Some waterfowl hunters in Maryland and Virginia enjoyed a strong start to the duck season courtesy of a cold snap that put much of the northern tier of the flyway in a deep freeze. Unfortunately, the action tailed off quickly for many waterfowlers.
According to Dr. Gary Costanzo, migratory bird specialist for the Virginia Department of Game and Inland Fisheries, “The cold front we had in mid-November pushed down a lot of dabblers and swans as well as fair numbers of ring-necked ducks. The first couple days of the season weren’t bad, but we had no real weather to make the birds move much after that, so it got pretty slow.”
Josh Homyack, waterfowl project manager for the Maryland Department of Natural Resources, says he was surprised by the numbers of ducks he saw in various Eastern Shore locations in November. He adds that some hunters reported good hunting on Maryland’s Choptank and Nanticoke Rivers.
In contrast, Jake McPherson, DU biologist for Maryland and Delaware, reports that geese were late arriving on Maryland’s Eastern Shore this fall. “Canada geese didn’t begin showing up in any numbers until about the third week of November,” he says. “Around the same time, groups of swans and snow geese began arriving as well.”
Chip Heaps, DU’s senior director of development in the mid-Atlantic region, has a front-row seat for migration activity from his base in Chestertown, Maryland. He echoed McPherson’s view that Canada geese were a little late arriving but adds that the migration has picked up nicely in recent days.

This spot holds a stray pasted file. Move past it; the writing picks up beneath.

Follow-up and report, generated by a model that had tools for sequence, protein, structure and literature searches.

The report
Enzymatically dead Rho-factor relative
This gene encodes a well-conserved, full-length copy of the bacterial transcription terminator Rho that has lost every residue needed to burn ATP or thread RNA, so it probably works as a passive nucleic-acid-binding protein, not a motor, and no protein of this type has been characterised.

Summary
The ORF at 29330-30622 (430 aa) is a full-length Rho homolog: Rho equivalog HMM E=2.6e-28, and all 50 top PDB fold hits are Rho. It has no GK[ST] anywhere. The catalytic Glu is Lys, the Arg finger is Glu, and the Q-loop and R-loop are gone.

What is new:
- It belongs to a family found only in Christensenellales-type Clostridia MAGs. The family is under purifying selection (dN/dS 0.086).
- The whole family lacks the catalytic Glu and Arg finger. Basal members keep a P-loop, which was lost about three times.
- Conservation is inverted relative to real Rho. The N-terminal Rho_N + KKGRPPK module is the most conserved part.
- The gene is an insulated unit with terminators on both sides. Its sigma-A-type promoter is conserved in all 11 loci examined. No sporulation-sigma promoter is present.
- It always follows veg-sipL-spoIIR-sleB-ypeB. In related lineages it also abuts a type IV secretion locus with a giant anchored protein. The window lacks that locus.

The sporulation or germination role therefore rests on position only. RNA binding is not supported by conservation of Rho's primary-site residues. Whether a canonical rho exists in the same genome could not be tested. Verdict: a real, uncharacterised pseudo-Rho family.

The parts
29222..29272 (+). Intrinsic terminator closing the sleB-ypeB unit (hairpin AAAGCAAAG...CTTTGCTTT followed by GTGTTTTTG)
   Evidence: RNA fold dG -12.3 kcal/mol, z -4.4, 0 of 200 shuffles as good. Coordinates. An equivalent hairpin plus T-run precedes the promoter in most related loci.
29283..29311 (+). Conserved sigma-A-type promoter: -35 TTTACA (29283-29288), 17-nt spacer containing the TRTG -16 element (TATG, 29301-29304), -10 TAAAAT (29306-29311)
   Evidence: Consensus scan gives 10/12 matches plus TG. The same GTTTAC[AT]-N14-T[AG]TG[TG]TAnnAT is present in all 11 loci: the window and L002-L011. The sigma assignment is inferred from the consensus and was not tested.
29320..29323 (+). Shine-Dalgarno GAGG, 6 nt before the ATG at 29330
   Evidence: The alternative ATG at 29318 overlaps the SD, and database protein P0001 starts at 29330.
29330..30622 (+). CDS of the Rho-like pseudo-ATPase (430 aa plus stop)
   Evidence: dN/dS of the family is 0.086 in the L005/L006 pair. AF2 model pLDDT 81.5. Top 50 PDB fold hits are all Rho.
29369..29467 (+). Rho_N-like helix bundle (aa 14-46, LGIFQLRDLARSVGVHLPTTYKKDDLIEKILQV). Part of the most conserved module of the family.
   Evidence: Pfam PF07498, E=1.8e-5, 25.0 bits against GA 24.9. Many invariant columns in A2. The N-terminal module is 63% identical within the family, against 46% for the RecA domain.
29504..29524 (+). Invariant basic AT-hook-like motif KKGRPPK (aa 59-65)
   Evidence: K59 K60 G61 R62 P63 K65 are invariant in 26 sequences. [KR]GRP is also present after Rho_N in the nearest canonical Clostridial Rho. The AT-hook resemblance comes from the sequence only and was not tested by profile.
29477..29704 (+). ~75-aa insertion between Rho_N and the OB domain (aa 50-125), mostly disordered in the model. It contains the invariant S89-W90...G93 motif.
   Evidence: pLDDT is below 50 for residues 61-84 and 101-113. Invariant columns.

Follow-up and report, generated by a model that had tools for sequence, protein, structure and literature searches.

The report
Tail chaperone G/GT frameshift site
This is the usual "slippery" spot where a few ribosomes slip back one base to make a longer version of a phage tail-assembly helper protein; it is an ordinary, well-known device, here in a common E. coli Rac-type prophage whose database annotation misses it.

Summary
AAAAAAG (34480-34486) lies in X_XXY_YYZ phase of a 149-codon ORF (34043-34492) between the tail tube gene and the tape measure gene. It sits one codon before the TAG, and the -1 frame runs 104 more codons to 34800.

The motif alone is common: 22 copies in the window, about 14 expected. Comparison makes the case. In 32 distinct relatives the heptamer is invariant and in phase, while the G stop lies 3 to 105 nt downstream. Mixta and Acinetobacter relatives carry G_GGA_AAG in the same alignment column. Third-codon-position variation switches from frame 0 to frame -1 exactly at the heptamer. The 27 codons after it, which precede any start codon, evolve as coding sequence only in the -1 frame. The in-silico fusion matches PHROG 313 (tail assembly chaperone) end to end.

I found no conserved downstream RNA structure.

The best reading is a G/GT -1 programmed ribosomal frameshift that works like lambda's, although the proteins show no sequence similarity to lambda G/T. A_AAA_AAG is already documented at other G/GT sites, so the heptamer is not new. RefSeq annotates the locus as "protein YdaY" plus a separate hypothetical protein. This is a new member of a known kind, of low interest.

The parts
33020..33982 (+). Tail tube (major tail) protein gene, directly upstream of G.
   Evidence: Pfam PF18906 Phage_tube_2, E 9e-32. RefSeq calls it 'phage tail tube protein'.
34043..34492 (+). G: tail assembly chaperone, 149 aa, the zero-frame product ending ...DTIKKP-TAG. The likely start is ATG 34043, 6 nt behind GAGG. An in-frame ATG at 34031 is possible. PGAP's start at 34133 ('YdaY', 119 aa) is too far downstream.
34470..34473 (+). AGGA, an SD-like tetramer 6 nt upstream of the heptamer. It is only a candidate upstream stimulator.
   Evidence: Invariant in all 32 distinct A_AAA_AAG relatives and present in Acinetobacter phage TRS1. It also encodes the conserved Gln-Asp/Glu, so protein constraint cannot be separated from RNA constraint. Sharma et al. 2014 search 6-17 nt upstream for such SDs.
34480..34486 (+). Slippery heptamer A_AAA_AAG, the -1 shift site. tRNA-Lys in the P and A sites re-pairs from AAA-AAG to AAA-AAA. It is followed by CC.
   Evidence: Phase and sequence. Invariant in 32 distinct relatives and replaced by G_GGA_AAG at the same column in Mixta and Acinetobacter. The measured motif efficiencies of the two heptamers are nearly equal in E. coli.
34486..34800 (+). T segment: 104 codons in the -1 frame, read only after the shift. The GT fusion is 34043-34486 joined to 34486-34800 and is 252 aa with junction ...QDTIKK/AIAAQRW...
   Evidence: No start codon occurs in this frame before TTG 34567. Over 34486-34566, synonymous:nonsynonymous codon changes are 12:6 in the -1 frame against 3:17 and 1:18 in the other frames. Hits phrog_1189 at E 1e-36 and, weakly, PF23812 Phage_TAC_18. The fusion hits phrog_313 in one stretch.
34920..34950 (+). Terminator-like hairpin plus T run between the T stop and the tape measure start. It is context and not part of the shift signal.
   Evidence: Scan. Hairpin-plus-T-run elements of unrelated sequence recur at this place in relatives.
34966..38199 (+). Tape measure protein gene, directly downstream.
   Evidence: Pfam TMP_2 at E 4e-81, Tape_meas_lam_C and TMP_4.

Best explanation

McPherson reports that diving duck numbers on Chesapeake Bay and its major tributaries have been increasing over the last couple of weeks. Homyack agrees, stating that divers, mostly scaup, are building up around Eastern Neck Island. Diving duck numbers have also been increasing, along with puddle ducks, on the Susquehanna Flats.
The US Army’s Fort Belvoir fronts the Potomac River and two of its smaller tributaries in northern Virginia. Kevin Walter, the fort’s natural resources specialist, would welcome an influx of birds. “We had teal early followed by large numbers of ruddy ducks and then small groups of ringnecks, bluebills, canvasbacks, gadwalls, and black ducks. Overall, it has been slow,” he says.
Homyack adds, “I’d expect some ducks—teal and pintails in particular—have moved south by now. I think there’s a fair number of ducks around, but we all know having lots of ducks doesn’t always mean fantastic hunting.”
Costanzo sums up the situation for waterfowl hunters in the Chesapeake Bay region: “We’ll need some more weather up north and in the Great Lakes to push more birds down our way, especially divers like cans and scaup, but we still have time for that to happen.”